MyFonts has been busy these past few weeks. Newsletter-wise, we have taken a short break, but elsewhere on the internet our activities caused quite a buzz. Our new website has met with much praise, and some great feedback on possible improvements. Our new blog has begun to accrue entries. And our free WhatTheFont for iPhone has been an overnight sensation, with tens of thousands of downloads in the first few days. Anyway, as this newsletter is about new fonts: without further ado, a big hand for February’s most remarkable debutantes.
This month’s Rising Stars
Posters advertising transatlantic voyages are among the great icons of Art Deco design. The lettering they used was as majestic as the stylized ocean liners they depicted. Le Havre, named after a French seaport, takes its inspiration from that golden era of sea travel. With its geometrically constructed shapes, compressed capitals and low x-height, it beautifully captures the atmosphere of 1920s and 1930s poster typography while making full use of contemporary technology. One of the best things about Le Havre is its large character set, with charming titling alternates, ligatures, old style figures and a couple of nice maritime icons.
Designer Rob Leuschke is characteristically concise in his description of Babylonica, a “calligraphic, hand-lettered script”. Of course, that casual phrase doesn’t begin to describe the sophistication of this font. Leuschke’s calligraphy is as expressive as it is professional. Babylonica seems to have been jotted down with confident speed, using a hard brush or a reed pen. The rough edges are beautifully rendered and the direction of the strokes is different with each letter, making for a lively, energetic effect on the page. Babylonica will lend personality and drama to your invitation, book cover or wine label.
Decima and Decima+ by Ramiz Guseynov are an interesting pair of condensed sans-serif families. Both are monolinear — i.e. with hardly any variation in stroke thickness. Decima has an upright in three weights, with extremely rational, geometric forms; while its italic has more humanist features, including some shapes borrowed from handwriting. Decima+ (“Plus”) is a clever combination of those two: upright, but with the calligraphic elements of the italic, such as the loops on g, y and z, and some bent terminals. The bold weight has been drawn on the exact same grid as the lighter versions, which makes it a compact and striking face for titling. And if you like that techie look of monospaced fonts, check out Decima Mono.
There seems to be an insatiable appetite for smooth, connected scripts, and Velouté by Robbie de Villiers is one of the most savory recent fonts in its genre. Named after one of the original “mother sauces” in French cuisine, it is a bold and velvety script with delicate, attention-grabbing flourishes. Velouté’s tasty mix of classic, contemporary, bold and delicate detail is great for special invitations, coffee shops, restaurants, boutiques and packaging.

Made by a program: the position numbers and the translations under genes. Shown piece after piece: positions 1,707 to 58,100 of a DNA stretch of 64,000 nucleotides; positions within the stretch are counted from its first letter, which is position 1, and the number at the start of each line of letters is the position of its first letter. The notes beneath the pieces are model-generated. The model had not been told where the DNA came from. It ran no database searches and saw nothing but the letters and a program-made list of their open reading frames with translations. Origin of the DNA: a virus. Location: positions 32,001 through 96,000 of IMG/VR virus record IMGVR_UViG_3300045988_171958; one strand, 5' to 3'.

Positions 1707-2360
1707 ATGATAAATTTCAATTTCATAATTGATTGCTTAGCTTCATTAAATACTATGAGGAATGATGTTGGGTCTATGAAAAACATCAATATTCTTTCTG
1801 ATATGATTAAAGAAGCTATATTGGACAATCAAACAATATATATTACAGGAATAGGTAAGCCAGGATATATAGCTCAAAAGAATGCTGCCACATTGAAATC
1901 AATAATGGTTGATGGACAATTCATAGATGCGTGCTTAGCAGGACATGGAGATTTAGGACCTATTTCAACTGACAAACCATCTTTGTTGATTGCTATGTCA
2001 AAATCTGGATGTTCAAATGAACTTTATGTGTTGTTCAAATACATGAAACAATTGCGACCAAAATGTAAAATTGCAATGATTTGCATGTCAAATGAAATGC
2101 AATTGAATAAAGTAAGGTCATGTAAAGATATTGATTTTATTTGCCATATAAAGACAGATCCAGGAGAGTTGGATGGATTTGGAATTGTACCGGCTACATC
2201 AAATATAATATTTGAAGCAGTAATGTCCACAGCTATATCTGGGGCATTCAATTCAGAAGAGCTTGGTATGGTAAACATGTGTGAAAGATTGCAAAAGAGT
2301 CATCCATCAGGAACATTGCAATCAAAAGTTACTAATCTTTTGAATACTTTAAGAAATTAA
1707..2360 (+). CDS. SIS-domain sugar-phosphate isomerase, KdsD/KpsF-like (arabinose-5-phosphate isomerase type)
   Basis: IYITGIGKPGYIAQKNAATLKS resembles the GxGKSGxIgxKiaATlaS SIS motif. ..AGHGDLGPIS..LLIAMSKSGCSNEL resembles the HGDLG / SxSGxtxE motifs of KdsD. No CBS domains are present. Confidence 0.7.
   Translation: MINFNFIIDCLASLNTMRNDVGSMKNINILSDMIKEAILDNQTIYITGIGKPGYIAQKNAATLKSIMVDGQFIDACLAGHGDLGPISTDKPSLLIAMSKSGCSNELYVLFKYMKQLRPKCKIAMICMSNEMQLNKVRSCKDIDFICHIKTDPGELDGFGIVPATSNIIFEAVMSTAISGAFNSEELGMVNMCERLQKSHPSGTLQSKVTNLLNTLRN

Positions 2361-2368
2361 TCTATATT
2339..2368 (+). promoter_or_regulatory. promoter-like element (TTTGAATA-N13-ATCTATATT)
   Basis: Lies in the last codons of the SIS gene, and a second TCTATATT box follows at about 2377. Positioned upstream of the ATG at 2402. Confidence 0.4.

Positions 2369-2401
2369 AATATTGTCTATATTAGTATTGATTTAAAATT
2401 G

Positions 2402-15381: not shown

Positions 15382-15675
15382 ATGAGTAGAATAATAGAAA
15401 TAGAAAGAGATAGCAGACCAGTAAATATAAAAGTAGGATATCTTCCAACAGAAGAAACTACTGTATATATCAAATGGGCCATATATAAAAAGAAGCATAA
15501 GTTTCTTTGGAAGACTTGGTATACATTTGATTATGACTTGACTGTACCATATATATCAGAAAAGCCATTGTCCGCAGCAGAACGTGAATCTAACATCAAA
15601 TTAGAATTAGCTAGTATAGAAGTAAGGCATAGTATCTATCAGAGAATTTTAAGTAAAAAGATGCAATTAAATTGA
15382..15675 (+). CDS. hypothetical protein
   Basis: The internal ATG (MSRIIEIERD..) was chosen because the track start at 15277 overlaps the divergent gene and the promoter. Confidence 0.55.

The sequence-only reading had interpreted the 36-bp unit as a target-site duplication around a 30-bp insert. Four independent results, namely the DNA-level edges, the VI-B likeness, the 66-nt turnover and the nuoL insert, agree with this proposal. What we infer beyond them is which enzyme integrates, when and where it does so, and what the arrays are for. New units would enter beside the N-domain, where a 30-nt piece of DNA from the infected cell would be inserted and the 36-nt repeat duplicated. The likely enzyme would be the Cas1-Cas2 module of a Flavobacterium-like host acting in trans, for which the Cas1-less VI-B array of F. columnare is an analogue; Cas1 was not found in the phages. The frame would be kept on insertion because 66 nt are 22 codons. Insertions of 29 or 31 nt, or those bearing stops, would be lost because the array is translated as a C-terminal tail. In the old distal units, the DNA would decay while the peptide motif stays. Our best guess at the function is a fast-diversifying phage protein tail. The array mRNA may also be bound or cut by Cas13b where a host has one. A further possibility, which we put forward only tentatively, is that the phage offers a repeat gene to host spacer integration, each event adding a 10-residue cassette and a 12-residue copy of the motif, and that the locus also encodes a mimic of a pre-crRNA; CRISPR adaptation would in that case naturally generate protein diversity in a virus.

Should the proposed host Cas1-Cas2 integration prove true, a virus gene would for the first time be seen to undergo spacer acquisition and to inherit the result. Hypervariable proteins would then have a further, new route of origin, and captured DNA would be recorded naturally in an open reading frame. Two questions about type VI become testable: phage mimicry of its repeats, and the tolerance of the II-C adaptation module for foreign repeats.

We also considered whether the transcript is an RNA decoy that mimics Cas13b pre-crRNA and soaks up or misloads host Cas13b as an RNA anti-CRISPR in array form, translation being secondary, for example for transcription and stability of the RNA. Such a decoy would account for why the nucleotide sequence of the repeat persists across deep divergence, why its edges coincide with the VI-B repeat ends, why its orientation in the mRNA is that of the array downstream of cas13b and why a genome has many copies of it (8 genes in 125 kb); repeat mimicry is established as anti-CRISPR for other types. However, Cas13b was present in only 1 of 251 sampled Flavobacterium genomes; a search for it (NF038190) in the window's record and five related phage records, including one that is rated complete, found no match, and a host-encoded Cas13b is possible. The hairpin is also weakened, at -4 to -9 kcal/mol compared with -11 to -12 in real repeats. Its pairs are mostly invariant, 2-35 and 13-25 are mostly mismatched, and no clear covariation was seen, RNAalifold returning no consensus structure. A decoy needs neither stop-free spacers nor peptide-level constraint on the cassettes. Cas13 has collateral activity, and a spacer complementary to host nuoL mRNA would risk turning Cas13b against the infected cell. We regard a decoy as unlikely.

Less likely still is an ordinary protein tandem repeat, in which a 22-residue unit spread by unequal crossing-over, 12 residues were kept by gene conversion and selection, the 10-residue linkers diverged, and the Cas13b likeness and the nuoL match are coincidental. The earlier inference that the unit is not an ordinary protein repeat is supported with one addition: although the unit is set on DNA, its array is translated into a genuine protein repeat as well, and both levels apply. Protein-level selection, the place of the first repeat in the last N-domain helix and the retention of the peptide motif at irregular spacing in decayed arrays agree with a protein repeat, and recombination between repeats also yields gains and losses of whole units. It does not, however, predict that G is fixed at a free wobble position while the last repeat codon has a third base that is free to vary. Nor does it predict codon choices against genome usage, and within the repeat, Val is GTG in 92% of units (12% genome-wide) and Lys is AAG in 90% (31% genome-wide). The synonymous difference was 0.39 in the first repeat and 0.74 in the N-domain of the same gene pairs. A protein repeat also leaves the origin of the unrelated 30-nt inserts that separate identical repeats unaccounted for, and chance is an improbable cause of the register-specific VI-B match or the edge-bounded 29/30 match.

Text family of the month
When a newspaper commissions a brand new font family to be developed for its pages, it is always fascinating to see the outcome. Designed in 2007 for the Globe and Mail, Canada’s national newspaper, Pratt Pro is a remarkable tour de force. Nick Shinn’s original news face is crisp and contemporary, lucid and economical, and maximizes readability when space is at a premium.
Named after David Pratt, who led the redesign as design director of the Globe and Mail, the typeface has been used for the paper’s body text since May 2007, setting hundreds of millions of words. Now this family of text and headline styles has been made available to other users as well — a great privilege, so soon after its first appearance as an exclusive custom family.
Pratt Pro was designed to look bigger than almost any other serifed text face — old style or modern — with carefully drawn, short extenders to avoid collisions in tight leading situations. This is obviously important for text sizes, but plays a role in multi-line headlines and decks too, where precise horizontal spacing and tight fit calls for a similar aesthetic in the vertical dimension. When used with normal leading, the effect is spacious and open, with remarkable legibility in small sizes.
Pratt Pro is an OpenType family with an extensive language character set, small caps and multiple styles of numerals.
Geogrotesque by Eduardo Manso is a geometric sans-serif that manages to retain an elegant and friendly appeal despite its rational structure. Based on a simple basic shape — a rectangle with curved top and bottom — the typeface is very regular without becoming bland or mechanical. Its sloping horizontals tie the words together into coherent shapes that ensure legibility even at smaller point sizes.
If you like this font from EmType, check out their other typefaces:
Relato is a low-contrast, muscular serifed typeface designed for a comfortable immersive reading experience. Although it took its inspiration from renaissance lettering and calligraphy, Relato is decidedly contemporary, showing great originality in the details.
The perfect companion to Relato, Relato Sans is less idiosyncratic, more austere. Like its serifed counterpart, Relato has humanist traits combined with a contemporary cut. Its wide variety of weights makes it a flexible tool for projects of great complexity.
Based on a rigorous pixel grid, Dixplay was conceived for headlines in web pages and multimedia projects; it works fine in high-resolution on paper as well. It is subtler than most pixel fonts, with 300 man-made kerning pairs to make it fit perfectly into the grid.
Have your say
— Paul in Penticton, Canada
28 January, 2009
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